The perennial ornamental grass switchgrass is characterized by an exquisite look, characterized by an upright silhouette with hint of curved stalks. When the Panicum virgatum dresses up in late summer with graceful inflorescences followed by a spectacular autumn color of the foliage, gardening enthusiasts know that they have done everything right. The clump-like prairie grass is not only suitable as a stylish solitaire, but also attracts everyone’s attention in the room-filling group. The switchgrass also likes to make itself useful as an effective protection against soil erosion in larger areas. The multi-faceted varieties do not require any time-consuming maintenance; a few, however, central aspects should at least be considered.

Location and soil conditions

The fact that the switchgrass is included in the prairie grass already shows how things should be in the chosen location.

  • The switchgrass achieves its optimum in a sunny spot.
  • A shady to partially shaded location on the edge of the wood is accepted.
  • Fresh, loamy-sandy and humus-rich soil without waterlogging.
  • A mix of compost-based potting soil with a little sand is ideal in the bucket.

Panicum virgatum therefore thrives in any good garden soil, as long as it is not waterlogged or acidic. In order to develop the intense foliage colors and the filigree ears in full splendor, the sweet grass needs as many hours of sunshine as possible and a balanced supply of nutrients. Where these requirements are met, the ornamental grass lives up to its middle name ‘copper millet’ over many weeks and months.

Tip: The flexible location tolerance makes switchgrass an ideal candidate for adding picturesque splashes of color in the rock garden, gravel bed or heather garden.

Watering and fertilizing

Immediately after planting and at a young age, Panicum virgatum needs more water than at an advanced age. Well-established specimens are usually content with the natural rainfall.

  • Water the switchgrass regularly in the first years of standing.
  • Only water well-grown plants if it is dry for a long period of time.
  • When cultivating in pots, make sure that the root ball does not dry out.

The additional nutrient supply depends on the soil quality. In poor soil, the ornamental grass is grateful for a portion of good garden compost and presents an impressive play of colors. If the copper millet is allowed to stretch its roots in a rich substrate, there is no need to add fertilizers. It is quite difficult for a layperson to estimate the nutritional content of his garden soil. If there is interest in this regard, a special laboratory will determine the required data from the soil sample sent in for a fee. The effort is hardly worth it for the cultivation of a Panicum virgatum alone. If the prairie grass is grown in the bucket, experience has shown that the pre-fertilized substrate will last at least until the second year of standing. As a result, it is advisable to

Cutting and wintering

Since the switchgrass hardly loses any of its ornamental value in winter, it is not cut back in autumn. At this point, cutting would be counterproductive anyway, as the long stalks effectively protect the center of the eyrie from the damp cold of winter and prevent rot.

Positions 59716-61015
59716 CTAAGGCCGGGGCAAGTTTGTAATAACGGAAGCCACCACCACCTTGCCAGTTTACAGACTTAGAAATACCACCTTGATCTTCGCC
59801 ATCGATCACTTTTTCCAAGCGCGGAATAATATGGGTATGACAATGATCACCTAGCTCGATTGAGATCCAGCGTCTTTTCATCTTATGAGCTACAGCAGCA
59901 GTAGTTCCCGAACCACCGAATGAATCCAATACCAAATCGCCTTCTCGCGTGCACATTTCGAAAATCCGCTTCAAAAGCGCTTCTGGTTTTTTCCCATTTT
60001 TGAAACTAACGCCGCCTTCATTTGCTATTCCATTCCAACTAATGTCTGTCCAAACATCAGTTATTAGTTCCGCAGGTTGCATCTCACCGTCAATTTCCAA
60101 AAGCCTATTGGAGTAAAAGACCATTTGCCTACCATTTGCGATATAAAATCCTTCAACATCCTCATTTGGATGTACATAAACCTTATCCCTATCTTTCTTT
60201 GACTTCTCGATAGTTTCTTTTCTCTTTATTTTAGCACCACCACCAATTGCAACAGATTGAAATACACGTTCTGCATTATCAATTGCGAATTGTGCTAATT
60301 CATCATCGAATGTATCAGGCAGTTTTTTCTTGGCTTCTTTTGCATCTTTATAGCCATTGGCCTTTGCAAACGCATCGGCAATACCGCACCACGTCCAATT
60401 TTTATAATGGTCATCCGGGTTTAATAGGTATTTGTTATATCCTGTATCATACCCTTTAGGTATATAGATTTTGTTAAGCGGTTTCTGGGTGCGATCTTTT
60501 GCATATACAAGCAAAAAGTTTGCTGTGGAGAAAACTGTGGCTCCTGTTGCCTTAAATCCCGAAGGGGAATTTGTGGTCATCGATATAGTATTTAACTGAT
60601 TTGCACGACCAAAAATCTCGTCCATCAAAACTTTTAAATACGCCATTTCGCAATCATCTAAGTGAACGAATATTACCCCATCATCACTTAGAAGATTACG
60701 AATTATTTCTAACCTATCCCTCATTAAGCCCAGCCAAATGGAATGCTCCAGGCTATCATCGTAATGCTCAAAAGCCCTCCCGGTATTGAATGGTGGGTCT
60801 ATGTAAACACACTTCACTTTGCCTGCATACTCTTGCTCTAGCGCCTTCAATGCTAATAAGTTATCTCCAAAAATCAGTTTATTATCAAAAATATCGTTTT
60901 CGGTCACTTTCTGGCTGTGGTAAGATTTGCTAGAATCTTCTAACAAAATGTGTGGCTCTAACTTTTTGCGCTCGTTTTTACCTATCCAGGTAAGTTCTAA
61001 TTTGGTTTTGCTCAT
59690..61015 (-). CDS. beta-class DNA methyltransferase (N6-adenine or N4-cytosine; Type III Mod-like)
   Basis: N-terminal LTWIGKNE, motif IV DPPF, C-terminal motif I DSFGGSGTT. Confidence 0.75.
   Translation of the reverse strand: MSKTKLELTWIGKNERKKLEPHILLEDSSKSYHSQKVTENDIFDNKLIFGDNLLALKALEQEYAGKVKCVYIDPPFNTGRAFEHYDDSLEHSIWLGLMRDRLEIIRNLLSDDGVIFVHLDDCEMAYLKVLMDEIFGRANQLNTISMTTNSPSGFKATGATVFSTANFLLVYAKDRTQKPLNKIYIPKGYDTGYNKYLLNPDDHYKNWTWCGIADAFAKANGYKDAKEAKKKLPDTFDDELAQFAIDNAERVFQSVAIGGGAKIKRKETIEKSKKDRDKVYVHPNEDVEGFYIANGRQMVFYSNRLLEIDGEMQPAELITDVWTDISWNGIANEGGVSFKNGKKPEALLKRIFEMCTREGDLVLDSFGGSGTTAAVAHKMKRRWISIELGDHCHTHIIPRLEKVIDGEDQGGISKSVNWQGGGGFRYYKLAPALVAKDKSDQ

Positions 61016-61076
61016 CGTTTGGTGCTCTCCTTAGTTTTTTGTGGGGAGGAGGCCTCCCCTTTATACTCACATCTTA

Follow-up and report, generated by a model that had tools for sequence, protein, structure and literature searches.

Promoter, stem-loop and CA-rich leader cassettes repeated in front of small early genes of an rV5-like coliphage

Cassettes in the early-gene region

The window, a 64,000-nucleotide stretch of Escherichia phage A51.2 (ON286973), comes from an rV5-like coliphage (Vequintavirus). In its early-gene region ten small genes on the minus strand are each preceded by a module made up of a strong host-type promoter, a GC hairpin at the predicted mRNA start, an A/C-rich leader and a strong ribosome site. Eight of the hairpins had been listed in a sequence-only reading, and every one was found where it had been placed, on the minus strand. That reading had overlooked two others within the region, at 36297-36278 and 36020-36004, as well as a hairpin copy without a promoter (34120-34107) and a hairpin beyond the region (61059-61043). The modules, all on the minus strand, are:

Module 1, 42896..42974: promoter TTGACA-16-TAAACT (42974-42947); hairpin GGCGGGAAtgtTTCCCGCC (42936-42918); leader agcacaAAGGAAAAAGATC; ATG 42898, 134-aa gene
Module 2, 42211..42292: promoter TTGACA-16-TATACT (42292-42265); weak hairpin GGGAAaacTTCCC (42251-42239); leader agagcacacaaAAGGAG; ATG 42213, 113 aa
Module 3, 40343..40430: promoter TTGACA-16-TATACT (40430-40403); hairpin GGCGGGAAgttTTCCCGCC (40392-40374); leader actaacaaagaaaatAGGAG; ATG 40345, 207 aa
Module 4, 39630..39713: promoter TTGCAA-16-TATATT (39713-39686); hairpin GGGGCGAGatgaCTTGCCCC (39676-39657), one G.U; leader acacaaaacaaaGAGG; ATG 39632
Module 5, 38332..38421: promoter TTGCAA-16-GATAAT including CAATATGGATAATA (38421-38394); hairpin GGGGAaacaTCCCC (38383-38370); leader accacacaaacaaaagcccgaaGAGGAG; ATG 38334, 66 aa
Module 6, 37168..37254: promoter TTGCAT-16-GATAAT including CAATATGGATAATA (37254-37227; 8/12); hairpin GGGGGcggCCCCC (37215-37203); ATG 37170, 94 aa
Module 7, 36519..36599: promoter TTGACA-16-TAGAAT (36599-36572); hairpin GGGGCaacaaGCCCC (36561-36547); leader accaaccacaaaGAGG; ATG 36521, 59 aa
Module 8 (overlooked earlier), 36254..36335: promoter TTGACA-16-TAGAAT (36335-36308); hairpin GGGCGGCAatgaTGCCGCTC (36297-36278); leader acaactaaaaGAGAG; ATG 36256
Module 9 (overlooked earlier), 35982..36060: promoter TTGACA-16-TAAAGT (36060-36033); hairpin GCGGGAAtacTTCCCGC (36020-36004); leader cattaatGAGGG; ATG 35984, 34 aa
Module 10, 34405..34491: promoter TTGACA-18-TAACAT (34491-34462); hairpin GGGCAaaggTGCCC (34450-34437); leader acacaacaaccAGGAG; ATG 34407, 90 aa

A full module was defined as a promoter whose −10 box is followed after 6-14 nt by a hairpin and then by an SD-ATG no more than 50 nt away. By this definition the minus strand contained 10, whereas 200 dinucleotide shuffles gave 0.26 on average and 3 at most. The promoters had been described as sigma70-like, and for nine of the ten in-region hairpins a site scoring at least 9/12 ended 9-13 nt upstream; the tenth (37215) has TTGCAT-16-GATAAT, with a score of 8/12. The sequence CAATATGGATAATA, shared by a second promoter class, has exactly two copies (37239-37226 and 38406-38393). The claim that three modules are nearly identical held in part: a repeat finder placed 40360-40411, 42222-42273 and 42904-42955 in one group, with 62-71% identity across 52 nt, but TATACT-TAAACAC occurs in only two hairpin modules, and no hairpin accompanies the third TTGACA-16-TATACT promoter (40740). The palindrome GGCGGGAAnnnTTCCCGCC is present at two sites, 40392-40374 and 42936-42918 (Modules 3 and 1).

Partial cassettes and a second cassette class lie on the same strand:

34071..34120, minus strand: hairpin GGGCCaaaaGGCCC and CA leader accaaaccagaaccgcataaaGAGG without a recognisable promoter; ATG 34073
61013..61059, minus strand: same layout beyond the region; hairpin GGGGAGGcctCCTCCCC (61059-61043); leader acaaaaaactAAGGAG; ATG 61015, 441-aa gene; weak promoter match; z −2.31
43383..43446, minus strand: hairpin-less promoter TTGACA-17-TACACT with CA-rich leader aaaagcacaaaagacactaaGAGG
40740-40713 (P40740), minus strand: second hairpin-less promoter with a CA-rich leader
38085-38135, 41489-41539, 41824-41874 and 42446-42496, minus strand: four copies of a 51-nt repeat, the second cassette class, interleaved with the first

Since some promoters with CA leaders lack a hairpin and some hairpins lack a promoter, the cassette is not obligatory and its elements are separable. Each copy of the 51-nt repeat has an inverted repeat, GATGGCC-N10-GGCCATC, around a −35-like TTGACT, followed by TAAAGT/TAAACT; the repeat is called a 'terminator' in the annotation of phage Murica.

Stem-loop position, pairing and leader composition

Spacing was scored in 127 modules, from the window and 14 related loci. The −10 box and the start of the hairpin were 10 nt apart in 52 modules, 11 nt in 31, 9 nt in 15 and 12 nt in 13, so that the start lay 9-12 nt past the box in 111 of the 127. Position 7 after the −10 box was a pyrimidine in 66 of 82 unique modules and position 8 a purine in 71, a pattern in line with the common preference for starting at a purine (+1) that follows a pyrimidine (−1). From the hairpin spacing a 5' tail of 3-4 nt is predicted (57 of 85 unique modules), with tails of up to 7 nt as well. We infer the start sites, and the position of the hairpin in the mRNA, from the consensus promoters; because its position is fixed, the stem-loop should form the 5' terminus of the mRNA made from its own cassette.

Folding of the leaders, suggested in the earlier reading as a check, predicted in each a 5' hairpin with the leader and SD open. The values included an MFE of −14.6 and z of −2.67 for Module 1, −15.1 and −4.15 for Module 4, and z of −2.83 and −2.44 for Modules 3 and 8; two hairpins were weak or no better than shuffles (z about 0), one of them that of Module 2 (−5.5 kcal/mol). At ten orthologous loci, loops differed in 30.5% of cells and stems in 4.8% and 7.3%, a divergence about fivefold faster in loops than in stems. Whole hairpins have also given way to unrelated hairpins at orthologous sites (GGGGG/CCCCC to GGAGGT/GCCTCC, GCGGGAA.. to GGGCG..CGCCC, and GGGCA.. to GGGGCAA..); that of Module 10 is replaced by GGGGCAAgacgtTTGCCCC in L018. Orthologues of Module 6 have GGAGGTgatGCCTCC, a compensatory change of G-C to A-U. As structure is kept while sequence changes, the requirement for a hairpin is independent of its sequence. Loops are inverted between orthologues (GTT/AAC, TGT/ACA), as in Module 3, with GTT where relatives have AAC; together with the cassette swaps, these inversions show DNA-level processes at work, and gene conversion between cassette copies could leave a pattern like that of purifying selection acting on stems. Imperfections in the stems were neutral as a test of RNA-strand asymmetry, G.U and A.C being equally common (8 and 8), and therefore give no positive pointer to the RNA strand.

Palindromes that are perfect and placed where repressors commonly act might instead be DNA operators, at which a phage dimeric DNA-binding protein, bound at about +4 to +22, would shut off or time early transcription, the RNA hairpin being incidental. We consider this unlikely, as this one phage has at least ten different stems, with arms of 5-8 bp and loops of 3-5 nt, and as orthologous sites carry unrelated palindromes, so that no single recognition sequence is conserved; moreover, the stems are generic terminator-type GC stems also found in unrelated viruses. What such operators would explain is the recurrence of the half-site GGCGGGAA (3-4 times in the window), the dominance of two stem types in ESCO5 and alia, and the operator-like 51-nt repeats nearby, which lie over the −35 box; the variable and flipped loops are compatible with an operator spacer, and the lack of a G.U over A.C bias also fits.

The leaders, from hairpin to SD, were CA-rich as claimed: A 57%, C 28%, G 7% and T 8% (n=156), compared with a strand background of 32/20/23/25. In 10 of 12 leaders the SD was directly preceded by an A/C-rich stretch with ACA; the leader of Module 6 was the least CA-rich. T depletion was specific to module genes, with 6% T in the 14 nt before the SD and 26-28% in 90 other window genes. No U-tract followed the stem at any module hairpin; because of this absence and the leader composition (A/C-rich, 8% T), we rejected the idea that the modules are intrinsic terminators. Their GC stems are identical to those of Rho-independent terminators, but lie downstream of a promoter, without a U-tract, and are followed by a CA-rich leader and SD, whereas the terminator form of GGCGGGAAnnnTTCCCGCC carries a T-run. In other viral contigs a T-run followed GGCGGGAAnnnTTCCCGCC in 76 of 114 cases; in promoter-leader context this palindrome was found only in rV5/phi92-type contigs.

• In late autumn, tie the eyrie up with coconut ribbon.
  • A thick blanket of snow is shaken off so that no snow break occurs.
  • Cut copper millet close to the ground in early spring before new shoots.
  • Open the coconut ribbon to tie the Panicum virgatum in small tufts.
  • Gradually cut off the individual sections with a sharp knife.
  • Under no circumstances cut into the fresh shoot.

Since the dense clumps of the ornamental grasses are often used as winter quarters by the animals in the garden, the prudent hobby gardener checks whether there is still a sleeping companion in it before taking action. If this is the case, the winter guest can sleep in beforehand, because then budding is still a long time coming.

Tip: The switchgrass does not have as hard foliage as other grasses; Nevertheless, it is recommended to only carry out the pruning with sturdy work gloves in order to avoid injuries from the edges of the leaf.

Garden enthusiasts who are surprised by the particularly early budding of the new leaves simply remove the withered parts of the plant on the outer edge. The visual damage caused by the brown discolored interfaces on young stalks weighs much more heavily than the withered leaves and panicles. In the following year, the radical cutback takes place within the usual framework.


If the hobby gardener would like more specimens, the switchgrass once again proves its undemanding flexibility. Several methods of propagation are available, all of which are straightforward.

The sowing of the seeds is equally suitable for the first planting as well as for the propagation. Another advantage is that it is mostly carried out indoors in the quiet winter months when gardening is manageable. Only the fact that switchgrass is a cold germ creates a little more effort.

  • Spread out a cling film and spread damp sand on it.
  • Scatter the seeds on the sand and cover with them again.
  • Now the film is formed into a roll and tied at both ends.
  • Store in the vegetable drawer of the refrigerator or a similarly cool place for 2 to 4 weeks.
  • Check repeatedly whether the sand is still damp or whether germination has started.